Fans stormed Apple Inc's store in Japan and operator Softbank Corp's outlets as the company launched a slim new version of its wildly popular iPhone.
Due to the time difference in the global launch, Japanese customers were the first to get hold of the coveted iPhone 4, which debuts in the United States, France, Germany and the UK later on Thursday.
Sales of the iPhone 4, which boasts a higher-quality screen and longer battery life than the previous model, blew past expectations in its first day of pre-orders last week with more than 600,000 of them sold in just 24 hours.
I can't stop smiling, said Noboru Takahashi, a musician who had waited in line since Monday at Softbank's Omotesando store in a posh shopping district of Tokyo. He was the first in a queue of more than 300 people.
The iPhone has been a huge success since it debuted in 2007, boosting Apple's margins and transforming it into one of the world's leading mobile device makers.
The iPhone, however, faces a slew of new competitors, including Motorola Inc and HTC, designing high-powered handsets based on Google Inc's Android software.
Demand for the iPhone 4 has been high, but Apple had to apologize last week for having to halt sales temporarily after the surprising volume of online interest overloaded order and approval systems and supplies ran out.
The device, which also offers video chat via WiFi, and a gyroscope sensor for improved gaming, comes less than a month after Apple's iPad went on sale outside the United States.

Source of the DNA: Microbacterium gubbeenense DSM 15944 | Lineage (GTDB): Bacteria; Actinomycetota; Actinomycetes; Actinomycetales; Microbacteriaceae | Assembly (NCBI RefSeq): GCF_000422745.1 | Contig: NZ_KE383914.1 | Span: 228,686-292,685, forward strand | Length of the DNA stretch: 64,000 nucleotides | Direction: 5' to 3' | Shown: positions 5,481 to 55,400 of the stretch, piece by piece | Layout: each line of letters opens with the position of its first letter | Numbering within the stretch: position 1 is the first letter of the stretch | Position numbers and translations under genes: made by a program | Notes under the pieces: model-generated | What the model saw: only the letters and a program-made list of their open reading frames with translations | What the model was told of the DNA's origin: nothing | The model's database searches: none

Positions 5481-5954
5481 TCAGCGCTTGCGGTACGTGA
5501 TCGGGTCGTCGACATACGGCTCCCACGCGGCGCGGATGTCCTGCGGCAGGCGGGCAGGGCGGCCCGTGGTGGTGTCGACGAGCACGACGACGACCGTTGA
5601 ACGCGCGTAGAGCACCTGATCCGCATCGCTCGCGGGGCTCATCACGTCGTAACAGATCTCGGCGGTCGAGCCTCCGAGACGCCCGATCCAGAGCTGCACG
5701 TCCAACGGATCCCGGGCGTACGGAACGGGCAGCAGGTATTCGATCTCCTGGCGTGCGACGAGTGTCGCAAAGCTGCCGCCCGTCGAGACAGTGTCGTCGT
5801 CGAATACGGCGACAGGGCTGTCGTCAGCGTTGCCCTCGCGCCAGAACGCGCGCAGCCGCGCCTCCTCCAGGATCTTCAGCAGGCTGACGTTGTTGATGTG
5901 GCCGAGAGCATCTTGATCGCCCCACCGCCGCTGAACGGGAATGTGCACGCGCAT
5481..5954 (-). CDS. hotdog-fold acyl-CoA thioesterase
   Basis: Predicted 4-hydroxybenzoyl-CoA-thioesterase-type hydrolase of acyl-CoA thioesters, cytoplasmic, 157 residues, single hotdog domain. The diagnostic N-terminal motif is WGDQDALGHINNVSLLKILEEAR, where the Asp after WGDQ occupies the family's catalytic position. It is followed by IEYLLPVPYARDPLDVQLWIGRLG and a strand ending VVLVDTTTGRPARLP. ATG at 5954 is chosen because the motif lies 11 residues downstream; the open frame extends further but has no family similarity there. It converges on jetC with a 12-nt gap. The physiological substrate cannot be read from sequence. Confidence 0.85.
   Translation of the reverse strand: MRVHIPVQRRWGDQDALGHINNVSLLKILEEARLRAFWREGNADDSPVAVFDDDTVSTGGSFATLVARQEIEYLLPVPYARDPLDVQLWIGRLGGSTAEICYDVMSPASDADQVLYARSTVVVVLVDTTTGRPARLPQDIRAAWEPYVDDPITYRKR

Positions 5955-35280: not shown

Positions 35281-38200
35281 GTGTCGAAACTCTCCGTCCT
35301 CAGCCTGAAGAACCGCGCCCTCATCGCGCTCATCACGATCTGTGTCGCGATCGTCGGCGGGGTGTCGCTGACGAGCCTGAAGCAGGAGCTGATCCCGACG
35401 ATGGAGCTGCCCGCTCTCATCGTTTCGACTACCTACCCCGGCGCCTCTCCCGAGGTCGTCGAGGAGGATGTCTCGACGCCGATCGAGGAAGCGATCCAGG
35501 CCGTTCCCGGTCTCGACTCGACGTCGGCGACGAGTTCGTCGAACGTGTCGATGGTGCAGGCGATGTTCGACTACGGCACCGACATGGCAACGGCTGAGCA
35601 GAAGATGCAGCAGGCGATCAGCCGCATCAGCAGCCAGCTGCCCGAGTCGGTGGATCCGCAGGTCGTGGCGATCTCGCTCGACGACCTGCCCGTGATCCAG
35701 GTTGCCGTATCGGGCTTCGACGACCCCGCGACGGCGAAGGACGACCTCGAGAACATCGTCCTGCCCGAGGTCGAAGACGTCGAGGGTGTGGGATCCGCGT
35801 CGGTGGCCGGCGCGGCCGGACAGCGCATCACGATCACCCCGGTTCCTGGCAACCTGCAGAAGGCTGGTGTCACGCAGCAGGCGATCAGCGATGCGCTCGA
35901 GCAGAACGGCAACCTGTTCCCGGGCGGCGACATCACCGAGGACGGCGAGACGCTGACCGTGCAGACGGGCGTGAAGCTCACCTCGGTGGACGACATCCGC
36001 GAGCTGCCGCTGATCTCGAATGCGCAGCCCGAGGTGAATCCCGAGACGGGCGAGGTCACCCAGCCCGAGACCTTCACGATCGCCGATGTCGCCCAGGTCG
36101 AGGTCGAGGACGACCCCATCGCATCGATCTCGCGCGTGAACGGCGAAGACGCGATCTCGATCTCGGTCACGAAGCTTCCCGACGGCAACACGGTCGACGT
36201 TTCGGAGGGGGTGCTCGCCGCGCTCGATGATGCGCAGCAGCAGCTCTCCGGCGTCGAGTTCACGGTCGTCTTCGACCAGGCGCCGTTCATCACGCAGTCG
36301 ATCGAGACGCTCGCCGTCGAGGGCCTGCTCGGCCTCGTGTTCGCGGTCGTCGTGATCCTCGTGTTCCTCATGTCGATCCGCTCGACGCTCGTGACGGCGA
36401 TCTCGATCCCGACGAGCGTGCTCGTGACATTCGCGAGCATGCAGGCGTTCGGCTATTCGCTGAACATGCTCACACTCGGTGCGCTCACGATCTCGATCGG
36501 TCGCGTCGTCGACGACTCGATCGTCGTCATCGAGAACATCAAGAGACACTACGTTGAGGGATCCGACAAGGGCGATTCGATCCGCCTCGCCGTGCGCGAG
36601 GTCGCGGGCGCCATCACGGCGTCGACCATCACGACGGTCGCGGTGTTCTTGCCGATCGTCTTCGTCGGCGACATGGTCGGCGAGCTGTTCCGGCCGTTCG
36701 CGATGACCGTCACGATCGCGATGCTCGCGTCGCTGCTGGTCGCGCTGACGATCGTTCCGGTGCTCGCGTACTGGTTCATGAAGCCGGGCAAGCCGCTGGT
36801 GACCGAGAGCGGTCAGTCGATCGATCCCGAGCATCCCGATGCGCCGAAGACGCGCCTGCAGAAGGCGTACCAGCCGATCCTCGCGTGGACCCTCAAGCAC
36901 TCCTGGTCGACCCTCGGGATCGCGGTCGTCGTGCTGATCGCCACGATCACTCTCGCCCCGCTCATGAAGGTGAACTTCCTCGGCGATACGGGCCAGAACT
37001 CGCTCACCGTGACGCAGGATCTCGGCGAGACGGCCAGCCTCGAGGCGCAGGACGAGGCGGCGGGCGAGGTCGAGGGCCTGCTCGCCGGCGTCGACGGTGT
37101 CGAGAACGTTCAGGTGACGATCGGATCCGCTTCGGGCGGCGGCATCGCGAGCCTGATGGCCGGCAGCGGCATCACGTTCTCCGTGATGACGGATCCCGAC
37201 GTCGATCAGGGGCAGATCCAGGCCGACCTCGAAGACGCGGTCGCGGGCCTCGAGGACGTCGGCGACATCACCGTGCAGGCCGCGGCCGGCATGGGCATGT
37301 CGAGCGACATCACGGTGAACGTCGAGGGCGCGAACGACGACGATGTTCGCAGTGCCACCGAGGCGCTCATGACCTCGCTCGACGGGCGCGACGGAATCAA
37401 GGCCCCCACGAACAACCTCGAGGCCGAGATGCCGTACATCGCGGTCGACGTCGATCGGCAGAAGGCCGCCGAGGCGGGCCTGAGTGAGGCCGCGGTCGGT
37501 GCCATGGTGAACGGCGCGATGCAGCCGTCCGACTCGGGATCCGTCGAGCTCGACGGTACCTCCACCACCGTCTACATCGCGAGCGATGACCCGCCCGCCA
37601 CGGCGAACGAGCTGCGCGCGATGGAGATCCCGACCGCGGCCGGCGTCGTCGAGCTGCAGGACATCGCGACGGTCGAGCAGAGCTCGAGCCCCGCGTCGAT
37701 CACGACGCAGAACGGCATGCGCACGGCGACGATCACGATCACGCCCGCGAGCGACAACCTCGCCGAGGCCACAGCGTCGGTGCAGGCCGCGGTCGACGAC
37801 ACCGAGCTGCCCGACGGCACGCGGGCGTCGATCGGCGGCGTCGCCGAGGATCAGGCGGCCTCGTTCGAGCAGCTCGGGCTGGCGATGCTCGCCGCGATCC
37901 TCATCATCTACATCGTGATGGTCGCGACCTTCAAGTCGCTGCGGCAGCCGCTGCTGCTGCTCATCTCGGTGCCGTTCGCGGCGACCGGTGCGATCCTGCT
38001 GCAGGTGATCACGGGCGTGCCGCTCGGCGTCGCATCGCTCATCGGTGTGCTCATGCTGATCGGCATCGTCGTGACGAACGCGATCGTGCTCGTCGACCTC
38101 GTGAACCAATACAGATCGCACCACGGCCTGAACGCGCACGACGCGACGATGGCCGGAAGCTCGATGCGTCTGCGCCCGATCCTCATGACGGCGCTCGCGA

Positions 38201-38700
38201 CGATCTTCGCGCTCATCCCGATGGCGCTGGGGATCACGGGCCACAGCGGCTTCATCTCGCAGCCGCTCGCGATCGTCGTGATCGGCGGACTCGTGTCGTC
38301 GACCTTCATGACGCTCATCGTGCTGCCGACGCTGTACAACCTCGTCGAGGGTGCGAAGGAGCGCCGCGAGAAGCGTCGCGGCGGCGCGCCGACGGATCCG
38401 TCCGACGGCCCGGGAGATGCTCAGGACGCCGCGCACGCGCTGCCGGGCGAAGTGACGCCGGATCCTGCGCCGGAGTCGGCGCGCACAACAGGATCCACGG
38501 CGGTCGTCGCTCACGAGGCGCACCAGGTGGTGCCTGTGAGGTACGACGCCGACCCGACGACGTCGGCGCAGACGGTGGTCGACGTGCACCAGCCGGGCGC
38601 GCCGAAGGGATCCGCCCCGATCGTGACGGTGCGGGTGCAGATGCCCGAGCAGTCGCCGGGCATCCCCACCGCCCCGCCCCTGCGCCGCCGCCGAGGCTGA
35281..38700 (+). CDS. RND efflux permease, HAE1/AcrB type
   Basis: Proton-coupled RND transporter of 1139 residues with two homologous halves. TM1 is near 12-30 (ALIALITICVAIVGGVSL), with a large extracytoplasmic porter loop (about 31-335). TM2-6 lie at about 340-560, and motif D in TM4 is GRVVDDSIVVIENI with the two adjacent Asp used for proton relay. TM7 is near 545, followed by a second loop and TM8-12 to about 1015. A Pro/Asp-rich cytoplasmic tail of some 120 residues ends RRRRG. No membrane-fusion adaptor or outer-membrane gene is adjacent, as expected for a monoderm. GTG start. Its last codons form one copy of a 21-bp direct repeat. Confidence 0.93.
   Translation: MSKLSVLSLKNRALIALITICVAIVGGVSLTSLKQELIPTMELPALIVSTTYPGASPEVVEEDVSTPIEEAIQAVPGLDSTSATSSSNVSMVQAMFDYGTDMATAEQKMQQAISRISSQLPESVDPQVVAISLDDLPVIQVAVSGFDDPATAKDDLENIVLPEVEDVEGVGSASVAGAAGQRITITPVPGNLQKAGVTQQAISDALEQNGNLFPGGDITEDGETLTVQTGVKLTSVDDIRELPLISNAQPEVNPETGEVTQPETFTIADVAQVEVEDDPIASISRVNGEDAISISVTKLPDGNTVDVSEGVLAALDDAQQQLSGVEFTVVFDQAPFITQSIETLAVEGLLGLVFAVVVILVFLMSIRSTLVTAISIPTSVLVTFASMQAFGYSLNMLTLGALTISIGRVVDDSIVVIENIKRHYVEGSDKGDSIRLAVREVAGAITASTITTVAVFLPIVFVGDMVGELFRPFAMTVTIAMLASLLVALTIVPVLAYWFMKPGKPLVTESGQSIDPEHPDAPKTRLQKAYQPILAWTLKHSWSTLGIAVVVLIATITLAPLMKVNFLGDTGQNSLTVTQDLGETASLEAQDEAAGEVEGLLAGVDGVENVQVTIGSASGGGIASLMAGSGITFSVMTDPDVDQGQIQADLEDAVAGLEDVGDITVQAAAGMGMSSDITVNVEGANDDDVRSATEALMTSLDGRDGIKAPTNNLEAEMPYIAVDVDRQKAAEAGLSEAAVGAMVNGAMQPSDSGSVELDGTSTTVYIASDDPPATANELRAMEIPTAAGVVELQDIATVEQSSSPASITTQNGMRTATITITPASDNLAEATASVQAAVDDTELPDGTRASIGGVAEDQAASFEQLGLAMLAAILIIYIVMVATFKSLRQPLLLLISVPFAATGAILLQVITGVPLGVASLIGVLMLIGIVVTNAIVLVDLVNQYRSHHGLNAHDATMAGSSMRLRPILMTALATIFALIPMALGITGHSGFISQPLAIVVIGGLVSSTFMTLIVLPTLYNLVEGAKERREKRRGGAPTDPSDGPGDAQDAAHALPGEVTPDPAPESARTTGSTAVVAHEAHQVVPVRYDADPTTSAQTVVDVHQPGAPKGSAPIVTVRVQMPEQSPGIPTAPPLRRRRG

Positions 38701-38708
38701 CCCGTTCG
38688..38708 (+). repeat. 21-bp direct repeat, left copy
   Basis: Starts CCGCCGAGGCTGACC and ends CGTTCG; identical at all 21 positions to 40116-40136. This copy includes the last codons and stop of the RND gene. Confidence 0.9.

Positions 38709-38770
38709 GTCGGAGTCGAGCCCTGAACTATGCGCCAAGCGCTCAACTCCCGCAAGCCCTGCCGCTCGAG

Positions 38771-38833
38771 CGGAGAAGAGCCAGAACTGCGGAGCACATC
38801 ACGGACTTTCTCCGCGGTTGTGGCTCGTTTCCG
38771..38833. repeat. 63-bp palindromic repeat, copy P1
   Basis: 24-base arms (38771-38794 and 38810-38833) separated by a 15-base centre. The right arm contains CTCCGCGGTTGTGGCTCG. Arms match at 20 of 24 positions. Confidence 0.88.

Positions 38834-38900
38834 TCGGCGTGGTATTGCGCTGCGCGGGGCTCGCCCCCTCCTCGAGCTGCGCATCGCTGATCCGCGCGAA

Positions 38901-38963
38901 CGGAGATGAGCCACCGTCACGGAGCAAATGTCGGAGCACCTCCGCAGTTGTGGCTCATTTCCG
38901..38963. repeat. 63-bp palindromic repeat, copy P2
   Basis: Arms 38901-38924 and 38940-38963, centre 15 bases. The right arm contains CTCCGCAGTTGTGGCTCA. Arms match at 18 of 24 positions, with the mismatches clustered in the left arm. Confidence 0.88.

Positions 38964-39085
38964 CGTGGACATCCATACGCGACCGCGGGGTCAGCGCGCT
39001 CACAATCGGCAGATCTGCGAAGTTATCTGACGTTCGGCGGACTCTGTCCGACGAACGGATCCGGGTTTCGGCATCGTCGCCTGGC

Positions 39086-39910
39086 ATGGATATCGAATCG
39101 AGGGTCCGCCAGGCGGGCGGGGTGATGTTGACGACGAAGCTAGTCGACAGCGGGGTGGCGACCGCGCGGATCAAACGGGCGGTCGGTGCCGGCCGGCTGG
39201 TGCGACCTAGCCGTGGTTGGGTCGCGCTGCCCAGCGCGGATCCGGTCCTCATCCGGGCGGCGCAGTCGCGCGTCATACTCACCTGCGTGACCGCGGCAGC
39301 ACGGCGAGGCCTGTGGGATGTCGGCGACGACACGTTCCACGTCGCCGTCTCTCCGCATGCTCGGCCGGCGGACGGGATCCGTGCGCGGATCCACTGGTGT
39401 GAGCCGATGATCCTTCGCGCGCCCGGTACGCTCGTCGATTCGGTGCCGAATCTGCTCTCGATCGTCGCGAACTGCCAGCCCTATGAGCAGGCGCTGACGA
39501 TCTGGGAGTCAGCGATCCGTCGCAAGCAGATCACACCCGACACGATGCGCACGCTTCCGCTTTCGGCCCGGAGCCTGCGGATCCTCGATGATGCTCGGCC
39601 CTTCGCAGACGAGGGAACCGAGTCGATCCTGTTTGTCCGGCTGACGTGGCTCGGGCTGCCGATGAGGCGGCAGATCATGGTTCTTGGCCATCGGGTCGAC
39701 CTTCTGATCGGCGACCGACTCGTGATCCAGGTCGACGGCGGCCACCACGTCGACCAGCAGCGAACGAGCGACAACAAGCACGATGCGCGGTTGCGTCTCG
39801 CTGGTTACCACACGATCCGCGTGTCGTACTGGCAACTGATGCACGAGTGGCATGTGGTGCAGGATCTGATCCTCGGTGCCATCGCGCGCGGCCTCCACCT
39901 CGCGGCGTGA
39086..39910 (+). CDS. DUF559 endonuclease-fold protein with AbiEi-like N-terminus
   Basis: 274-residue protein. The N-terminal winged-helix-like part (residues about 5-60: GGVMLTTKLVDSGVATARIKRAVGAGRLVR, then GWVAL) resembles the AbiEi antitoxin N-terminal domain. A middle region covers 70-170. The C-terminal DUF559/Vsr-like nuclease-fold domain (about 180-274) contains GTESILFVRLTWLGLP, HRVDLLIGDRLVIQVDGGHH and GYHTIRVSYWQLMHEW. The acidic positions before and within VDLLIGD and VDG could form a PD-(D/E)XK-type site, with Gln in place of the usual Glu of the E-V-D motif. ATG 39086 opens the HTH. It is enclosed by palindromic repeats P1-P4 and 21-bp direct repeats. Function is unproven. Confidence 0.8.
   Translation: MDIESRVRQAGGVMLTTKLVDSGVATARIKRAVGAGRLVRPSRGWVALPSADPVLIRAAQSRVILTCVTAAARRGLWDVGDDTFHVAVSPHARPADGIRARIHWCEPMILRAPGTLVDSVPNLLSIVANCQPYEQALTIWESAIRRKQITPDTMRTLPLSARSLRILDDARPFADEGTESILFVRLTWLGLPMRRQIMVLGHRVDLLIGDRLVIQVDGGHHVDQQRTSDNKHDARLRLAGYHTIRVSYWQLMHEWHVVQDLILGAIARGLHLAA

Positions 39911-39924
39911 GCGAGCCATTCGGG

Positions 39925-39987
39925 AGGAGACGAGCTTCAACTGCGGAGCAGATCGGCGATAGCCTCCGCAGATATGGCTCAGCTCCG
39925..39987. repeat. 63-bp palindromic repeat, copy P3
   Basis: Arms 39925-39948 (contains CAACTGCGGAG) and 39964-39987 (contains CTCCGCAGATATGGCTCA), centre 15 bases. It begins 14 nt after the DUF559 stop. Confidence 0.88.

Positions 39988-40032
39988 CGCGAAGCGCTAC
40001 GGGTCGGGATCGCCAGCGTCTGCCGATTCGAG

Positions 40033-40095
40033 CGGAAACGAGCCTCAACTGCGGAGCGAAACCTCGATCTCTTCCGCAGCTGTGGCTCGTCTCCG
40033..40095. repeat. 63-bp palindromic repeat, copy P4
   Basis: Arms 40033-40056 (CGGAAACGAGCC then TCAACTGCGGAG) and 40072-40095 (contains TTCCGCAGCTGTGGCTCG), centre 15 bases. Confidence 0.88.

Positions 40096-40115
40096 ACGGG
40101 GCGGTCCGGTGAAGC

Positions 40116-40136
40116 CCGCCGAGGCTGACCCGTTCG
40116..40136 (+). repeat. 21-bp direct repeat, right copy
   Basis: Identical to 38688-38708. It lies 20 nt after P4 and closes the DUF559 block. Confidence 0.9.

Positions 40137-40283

The iPad, a tablet computer which hit U.S. shelves in April, has already sold 3 million units worldwide.
UP, UP AND AWAY
For the current quarter, which ends June 26, analysts roughly expect Apple to sell 8-9 million iPhones in total, which includes sales of older generation models. IPhone 4 sales in the current quarter are expected to be limited by supply shortages.
Going forward, analysts expect the company to ship 10 million or more a quarter, as production ramps up to meet demand.
Apple unveiled the slimmer iPhone 4 earlier this month, kicking off its fastest-ever global product roll-out to try to stay a step ahead of rivals in a red-hot smartphone market.
The phone sports chips from Samsung Electronics, Micron Technology, and STMicroelectronics, according to an early teardown, or disassembly analysis by technology firm iFixit.
It is very well made as a product and the price is pretty cheap, and the strong pre-orders are the result of that, MM Research Institute analyst Tadayuki Shinozaki said.
There are not enough supplies to meet demand, especially the LCD panels, though some of that could be a strategic move.
The iPhone remains Apple's main growth line, and the international market is key. Some analysts estimate more than two-thirds of iPhone sales are now coming from overseas.
Softbank, iPhone's exclusive operator in Japan, suspended taking pre-orders after three days due to overwhelming demand.
The latest phone would be available in 18 countries in July and 88 by September in the quickest-ever international roll-out for an iPhone, Apple had said when it unveiled the iPhone 4.
(Additional reporting by Georgina Prodhan in London; Editing by Anshuman Daga)